abc = c("a", "b", "c")
)
abc_df %>%
ggplot(aes(x = abc, y = value)) +
geom_dots(side = "both") +
ggtitle('geom_dots(side = "both")')
side = "both"
also tends to work well with the
"hex"
and "swarm"
layouts for more
classic-looking “beeswarm” plots:
abc_df %>%
ggplot(aes(x = abc, y = value)) +
geom_dots(side = "both", layout = "hex", stackratio = 0.92) +
ggtitle('geom_dots(side = "both", layout = "hex")')
And with "swarm"
:
abc_df %>%
ggplot(aes(x = abc, y = value)) +
geom_dots(side = "both", layout = "swarm") +
ggtitle('geom_dots(side = "both", layout = "swarm")')
The combination of binwidth = unit(1.5, "mm")
and
overflow = "compress"
(see the section on large samples,
below) can be used to set the dot size to a specific size while
guaranteeing the layout stays within the bounds of the geom. This
combination is used by two shortcut geoms, geom_swarm()
and
geom_weave()
, which use the "swarm"
and
"weave"
layouts respectively. These also use
side = "both"
, and are intended to make it easy to create
good-looking beeswarm plots without manually tweaking
settings:
set.seed(1234)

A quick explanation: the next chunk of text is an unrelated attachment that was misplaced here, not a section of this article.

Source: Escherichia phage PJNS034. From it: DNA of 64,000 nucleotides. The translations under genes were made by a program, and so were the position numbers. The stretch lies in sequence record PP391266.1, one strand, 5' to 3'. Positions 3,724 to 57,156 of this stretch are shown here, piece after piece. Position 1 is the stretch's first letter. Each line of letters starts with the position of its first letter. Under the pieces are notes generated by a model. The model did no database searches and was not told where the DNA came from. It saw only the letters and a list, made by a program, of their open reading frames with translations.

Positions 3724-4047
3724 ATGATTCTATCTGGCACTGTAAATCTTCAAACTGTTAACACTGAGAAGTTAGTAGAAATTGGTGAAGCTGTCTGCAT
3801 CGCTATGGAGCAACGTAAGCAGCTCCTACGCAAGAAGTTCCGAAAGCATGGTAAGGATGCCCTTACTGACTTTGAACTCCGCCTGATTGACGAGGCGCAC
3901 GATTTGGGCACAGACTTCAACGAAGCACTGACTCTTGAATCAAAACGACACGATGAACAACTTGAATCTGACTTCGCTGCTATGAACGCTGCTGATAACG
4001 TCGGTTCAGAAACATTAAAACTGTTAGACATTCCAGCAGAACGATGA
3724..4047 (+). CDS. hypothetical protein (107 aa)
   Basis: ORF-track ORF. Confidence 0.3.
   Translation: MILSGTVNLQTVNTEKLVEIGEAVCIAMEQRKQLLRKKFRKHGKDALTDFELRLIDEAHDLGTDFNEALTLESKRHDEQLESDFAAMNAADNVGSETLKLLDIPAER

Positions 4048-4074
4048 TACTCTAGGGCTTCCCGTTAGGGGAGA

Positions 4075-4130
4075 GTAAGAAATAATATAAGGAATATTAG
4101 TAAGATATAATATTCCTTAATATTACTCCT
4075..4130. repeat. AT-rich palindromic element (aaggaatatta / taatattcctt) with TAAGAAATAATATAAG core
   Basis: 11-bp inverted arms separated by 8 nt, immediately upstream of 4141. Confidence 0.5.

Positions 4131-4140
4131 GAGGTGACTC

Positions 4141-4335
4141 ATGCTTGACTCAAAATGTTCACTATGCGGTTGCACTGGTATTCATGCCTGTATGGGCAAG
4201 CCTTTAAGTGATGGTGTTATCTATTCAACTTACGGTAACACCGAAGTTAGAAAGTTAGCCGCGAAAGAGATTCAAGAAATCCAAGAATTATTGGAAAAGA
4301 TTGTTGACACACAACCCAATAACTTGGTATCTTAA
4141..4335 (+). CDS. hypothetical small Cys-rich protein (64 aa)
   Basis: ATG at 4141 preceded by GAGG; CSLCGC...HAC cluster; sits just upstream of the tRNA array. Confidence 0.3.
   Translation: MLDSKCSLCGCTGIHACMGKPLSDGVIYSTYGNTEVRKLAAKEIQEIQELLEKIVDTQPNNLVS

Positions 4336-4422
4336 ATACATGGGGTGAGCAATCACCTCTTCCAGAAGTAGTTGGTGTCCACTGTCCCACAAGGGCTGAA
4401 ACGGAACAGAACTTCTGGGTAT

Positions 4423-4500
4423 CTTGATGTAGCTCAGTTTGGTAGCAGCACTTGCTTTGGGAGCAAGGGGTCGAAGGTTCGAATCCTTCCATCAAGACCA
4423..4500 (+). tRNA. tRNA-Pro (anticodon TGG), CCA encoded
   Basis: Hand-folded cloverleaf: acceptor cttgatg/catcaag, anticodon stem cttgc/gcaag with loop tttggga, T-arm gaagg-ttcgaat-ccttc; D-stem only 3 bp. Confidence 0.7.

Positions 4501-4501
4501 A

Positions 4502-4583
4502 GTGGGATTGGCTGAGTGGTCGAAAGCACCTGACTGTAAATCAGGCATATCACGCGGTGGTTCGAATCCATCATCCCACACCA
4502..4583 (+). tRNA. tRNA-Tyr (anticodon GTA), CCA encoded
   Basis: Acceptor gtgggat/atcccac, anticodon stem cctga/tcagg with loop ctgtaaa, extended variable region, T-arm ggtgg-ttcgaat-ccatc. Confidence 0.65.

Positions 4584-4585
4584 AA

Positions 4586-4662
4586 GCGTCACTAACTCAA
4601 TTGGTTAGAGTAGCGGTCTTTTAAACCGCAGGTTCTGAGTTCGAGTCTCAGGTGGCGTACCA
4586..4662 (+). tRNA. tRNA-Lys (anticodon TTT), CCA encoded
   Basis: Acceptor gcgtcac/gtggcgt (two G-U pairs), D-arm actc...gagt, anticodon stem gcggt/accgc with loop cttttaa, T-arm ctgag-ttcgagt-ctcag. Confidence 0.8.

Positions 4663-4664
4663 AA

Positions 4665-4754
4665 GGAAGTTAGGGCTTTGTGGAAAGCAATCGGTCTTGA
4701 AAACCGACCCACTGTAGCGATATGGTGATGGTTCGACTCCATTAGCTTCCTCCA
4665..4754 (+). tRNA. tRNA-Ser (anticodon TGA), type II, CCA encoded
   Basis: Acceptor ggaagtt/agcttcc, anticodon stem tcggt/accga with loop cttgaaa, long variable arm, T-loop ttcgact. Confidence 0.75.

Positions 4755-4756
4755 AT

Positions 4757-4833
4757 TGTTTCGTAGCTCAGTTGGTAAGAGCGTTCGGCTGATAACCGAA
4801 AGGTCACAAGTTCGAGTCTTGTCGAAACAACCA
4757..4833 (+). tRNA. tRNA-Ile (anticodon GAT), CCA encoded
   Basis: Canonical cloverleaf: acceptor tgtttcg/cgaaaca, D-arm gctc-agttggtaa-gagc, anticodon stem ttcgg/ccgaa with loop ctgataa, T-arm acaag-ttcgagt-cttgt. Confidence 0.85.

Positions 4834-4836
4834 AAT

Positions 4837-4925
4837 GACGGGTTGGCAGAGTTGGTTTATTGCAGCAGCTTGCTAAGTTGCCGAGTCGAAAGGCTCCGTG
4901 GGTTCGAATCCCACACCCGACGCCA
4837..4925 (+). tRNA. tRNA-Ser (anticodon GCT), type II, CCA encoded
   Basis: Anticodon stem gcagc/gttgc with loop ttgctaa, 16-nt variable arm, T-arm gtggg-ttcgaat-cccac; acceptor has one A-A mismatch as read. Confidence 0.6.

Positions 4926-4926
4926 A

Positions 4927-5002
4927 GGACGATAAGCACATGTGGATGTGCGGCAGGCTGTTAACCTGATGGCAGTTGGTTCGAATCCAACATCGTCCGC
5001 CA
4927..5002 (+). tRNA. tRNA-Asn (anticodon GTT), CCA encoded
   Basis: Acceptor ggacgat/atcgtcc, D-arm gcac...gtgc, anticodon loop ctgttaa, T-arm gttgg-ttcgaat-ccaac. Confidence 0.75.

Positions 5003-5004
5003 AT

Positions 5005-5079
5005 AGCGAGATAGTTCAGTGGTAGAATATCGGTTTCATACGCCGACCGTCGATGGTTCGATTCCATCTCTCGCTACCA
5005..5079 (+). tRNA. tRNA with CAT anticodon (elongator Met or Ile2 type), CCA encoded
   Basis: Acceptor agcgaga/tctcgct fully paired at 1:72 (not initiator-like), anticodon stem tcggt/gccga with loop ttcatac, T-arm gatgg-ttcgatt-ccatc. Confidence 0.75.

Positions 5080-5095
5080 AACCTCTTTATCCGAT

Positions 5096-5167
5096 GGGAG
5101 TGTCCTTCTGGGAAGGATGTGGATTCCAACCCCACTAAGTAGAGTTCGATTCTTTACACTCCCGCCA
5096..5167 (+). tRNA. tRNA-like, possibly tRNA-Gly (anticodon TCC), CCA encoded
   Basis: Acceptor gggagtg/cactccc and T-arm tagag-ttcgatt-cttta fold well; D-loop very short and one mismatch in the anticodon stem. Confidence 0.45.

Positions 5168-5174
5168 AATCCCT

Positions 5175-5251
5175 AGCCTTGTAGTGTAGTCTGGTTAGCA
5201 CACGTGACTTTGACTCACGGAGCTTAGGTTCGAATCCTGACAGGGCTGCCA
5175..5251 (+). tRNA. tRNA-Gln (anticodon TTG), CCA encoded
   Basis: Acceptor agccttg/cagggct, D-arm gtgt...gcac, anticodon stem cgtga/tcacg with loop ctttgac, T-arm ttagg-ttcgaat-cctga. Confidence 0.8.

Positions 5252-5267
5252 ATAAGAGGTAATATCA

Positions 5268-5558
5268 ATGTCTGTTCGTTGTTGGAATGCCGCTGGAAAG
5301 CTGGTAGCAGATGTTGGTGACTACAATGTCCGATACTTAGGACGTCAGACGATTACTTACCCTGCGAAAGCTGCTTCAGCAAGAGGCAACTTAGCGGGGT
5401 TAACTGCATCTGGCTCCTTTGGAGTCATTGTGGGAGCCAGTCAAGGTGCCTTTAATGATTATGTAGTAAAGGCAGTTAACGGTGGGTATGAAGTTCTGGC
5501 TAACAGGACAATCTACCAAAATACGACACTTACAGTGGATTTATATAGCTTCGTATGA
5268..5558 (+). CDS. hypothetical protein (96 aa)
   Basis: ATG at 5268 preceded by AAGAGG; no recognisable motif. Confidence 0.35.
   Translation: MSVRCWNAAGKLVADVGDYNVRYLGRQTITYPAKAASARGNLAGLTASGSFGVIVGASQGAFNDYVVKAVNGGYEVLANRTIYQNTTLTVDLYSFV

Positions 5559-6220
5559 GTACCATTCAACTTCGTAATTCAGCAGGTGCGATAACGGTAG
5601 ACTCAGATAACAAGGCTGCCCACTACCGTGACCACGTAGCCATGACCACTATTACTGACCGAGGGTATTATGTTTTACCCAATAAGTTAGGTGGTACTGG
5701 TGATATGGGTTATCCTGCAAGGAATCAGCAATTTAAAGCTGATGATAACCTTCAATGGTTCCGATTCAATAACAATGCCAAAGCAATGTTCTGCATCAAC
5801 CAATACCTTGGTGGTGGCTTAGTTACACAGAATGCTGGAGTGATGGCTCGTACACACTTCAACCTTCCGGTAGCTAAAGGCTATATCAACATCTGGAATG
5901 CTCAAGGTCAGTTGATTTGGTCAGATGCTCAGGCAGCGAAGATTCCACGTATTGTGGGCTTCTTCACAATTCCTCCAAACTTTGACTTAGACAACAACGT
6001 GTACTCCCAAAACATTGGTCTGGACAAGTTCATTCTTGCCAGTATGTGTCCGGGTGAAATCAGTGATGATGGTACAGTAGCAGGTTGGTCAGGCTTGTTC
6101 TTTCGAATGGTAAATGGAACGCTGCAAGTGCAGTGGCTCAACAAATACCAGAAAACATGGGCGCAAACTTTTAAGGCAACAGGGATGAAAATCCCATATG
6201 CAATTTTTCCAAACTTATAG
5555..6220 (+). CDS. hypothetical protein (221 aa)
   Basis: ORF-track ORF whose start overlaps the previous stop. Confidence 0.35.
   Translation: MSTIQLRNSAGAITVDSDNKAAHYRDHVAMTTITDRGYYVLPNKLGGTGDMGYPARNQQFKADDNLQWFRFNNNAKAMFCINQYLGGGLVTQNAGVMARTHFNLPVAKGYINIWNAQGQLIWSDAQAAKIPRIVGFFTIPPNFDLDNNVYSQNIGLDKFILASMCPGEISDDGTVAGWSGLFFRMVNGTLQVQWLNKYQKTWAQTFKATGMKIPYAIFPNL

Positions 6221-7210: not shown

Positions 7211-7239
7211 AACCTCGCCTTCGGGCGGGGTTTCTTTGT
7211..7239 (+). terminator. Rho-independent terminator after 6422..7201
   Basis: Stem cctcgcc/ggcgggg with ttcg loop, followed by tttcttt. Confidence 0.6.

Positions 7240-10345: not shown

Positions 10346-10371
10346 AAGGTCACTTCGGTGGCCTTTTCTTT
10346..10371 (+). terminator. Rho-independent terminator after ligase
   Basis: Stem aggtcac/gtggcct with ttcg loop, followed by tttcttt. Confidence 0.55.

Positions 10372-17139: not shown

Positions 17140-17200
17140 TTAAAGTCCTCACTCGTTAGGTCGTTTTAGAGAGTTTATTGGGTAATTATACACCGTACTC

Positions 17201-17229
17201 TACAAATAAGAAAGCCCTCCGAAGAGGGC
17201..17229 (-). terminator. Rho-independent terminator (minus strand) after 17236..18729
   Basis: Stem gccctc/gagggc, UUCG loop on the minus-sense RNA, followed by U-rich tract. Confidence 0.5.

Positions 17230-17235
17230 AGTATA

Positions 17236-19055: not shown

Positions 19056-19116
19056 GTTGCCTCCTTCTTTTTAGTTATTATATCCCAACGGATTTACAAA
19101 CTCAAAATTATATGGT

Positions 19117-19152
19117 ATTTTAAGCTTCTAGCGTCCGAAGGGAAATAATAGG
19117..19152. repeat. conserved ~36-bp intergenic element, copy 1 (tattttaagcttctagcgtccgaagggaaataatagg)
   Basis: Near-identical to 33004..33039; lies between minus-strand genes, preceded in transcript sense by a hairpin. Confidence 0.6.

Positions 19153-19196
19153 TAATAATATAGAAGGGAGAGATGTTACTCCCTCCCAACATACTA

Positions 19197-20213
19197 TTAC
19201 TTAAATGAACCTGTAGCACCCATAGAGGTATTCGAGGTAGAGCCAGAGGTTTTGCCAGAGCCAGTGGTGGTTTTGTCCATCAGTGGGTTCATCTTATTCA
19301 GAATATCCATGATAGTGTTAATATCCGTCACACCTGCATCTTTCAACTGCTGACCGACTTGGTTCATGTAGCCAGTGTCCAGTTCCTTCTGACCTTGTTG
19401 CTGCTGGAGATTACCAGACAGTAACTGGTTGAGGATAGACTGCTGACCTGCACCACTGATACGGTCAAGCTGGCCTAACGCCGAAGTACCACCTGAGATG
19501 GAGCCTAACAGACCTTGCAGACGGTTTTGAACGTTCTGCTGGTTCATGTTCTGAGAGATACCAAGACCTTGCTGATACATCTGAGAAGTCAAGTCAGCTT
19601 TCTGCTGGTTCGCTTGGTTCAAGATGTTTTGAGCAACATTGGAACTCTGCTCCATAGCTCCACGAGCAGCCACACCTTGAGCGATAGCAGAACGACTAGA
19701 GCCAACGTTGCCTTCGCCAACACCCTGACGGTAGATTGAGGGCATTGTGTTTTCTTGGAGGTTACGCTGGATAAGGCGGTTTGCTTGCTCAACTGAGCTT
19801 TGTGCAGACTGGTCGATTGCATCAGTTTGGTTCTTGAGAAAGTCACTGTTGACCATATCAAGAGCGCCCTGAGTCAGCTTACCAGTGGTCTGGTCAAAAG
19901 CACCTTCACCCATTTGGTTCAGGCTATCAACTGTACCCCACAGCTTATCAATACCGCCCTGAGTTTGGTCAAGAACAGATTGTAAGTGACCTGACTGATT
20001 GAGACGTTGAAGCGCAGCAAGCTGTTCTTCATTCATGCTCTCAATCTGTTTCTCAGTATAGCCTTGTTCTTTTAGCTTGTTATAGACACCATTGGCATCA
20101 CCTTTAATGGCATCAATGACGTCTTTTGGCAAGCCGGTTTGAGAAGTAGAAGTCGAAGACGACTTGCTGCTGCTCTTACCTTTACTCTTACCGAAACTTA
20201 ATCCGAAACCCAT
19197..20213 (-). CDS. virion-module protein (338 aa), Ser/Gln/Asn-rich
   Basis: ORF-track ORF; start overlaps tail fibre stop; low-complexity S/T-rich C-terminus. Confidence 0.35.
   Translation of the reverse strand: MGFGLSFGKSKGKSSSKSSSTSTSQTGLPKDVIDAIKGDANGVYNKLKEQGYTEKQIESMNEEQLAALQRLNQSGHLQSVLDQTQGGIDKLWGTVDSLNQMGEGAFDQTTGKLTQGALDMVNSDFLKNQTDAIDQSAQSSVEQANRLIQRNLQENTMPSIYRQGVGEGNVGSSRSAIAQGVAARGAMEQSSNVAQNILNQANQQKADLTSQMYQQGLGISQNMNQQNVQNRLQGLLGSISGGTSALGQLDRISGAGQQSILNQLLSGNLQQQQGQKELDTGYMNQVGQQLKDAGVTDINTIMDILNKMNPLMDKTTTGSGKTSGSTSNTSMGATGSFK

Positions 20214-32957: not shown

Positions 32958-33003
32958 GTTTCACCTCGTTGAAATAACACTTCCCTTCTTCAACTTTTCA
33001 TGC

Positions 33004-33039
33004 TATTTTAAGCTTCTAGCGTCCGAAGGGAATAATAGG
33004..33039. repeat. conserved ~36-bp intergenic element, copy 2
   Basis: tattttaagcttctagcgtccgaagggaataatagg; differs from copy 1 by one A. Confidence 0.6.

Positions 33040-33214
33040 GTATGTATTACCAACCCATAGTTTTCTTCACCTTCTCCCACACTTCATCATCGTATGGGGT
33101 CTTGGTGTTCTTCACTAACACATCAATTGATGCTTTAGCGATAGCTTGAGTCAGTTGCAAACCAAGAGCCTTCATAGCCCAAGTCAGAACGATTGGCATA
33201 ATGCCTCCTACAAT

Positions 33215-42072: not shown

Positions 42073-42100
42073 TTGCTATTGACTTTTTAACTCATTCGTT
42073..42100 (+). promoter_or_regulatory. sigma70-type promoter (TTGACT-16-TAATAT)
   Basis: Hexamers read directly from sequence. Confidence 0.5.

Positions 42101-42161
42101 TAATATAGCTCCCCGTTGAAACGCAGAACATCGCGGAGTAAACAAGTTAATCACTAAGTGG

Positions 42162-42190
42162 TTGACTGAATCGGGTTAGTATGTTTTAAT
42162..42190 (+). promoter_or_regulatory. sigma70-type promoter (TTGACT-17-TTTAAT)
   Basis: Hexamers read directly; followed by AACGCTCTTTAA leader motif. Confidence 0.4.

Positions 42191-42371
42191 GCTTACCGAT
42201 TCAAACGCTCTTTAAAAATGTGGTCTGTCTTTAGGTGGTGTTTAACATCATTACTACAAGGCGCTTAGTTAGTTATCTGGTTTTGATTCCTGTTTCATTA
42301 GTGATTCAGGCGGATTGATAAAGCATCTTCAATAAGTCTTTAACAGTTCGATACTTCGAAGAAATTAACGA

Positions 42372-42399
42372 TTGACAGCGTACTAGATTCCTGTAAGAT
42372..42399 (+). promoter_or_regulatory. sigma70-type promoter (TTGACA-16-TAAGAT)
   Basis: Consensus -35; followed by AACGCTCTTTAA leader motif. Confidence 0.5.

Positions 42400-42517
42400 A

swarm_data = data.frame(
y = rnorm(300, c(1,4)),
g = c("a","b")
)
swarm_plot = swarm_data %>%
ggplot(aes(x = g, y = y)) +
geom_swarm(linewidth = 0) +
labs(title = "geom_swarm()")
weave_plot = swarm_data %>%
ggplot(aes(x = g, y = y)) +
geom_weave(linewidth = 0) +
labs(title = "geom_weave()")
swarm_plot + weave_plot
color
, fill
, shape
,
and linewidth
Aesthetics like color
, fill
,
shape
, and linewidth
can be varied over the
dots. For example, we can vary the fill
aesthetic to create
two subgroups, and use position = "dodge"
to dodge entire
“swarms” at once so the subgroups do not overlap:
set.seed(12345)
abcc_df = data.frame(
value = rnorm(300, mean = c(1,2,3,4), sd = c(1,2,2,1)),
abc = c("a", "b", "c", "c"),
hi = c("h", "h", "h", "i")
)
abcc_df %>%
ggplot(aes(y = value, x = abc, fill = hi)) +
geom_weave(position = "dodge", linewidth = 0) +
scale_color_brewer(palette = "Dark2") +
ggtitle(
'geom_weave(position = "dodge")',
'aes(fill = hi)'
)
The color of the default gray outline can be changed using the
color
aesthetic, or you can remove it altogether by setting
linewidth = 0
(or slab_linewidth = 0
when
using stat_dotsinterval()
/
geom_dotsinterval()
), or by changing to solid shapes (the
usual “plotting characters”, e.g. numbers from 0:24
, are
supported) and using the color
aesthetic.
For example, we can vary shape
and color
simultaneously:
abcc_df %>%
ggplot(aes(y = value, x = abc, shape = abc, color = hi)) +
geom_weave(position = "dodge") +
scale_color_brewer(palette = "Dark2") +
ggtitle(
'geom_weave(position = "dodge")',
'aes(shape = abc, fill = hi)'
)
By default, if you assign a discrete variable to color